To ensure their sexual reproduction, most plants produce flowers. These contain the reproductive organs. But, in order to ensure genetic mixing, plants avoid self-fertilization.
But they are not able to move around. So how do they do it?
Well, they are assisted by the wind, and by insects or other animals.
The male components are grains of pollen, contained in the stamens. The female components are the ovules, well sheltered within the pistil.
In landing on a flower to collect nectar, an insect carries pollen that has most often come from another flower. This pollen is deposited on the stigma, the uppermost part of the pistil. This is pollination.
The ovule is located in the ovary, at the bottom of the stigma, far away from the stigma where the pollen grain was deposited. The pollen grain will produce a long tube down to the ovule, which it will then fertilize.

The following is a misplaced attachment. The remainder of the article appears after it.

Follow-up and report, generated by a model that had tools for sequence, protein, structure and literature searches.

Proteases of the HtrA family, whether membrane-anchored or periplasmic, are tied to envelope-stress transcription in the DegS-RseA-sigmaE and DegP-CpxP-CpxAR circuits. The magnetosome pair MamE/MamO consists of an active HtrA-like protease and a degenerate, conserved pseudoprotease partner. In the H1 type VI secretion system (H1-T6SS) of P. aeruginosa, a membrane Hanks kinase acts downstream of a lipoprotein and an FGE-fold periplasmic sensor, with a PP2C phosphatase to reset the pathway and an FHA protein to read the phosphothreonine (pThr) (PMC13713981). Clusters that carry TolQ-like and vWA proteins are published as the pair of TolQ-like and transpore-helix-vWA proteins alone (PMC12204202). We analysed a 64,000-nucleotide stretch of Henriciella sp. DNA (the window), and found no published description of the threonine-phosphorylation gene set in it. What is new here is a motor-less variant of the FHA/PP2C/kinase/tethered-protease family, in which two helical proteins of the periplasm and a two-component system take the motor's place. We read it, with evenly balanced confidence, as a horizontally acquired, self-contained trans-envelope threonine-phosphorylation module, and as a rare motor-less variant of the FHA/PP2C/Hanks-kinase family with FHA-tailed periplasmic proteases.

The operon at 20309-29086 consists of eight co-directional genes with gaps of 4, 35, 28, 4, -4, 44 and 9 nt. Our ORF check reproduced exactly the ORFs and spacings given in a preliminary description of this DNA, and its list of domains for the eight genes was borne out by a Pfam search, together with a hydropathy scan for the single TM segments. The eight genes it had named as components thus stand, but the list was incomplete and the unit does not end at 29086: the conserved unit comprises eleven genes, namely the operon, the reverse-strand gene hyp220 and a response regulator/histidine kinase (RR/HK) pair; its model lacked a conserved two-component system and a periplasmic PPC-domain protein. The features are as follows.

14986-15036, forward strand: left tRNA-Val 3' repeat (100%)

But what becomes of these organs after fertilization?
The ovule transforms itself into a seed that contains the embryo, surrounded by nutritional reserves that will be used at the time of germination. The rest of the flower dries up while the ovary transforms itself into a fruit.
Pollinating insects are indispensable for the reproduction of most fruit trees and food producing plants. Their disappearance would thus doom quite a number of plants to extinction.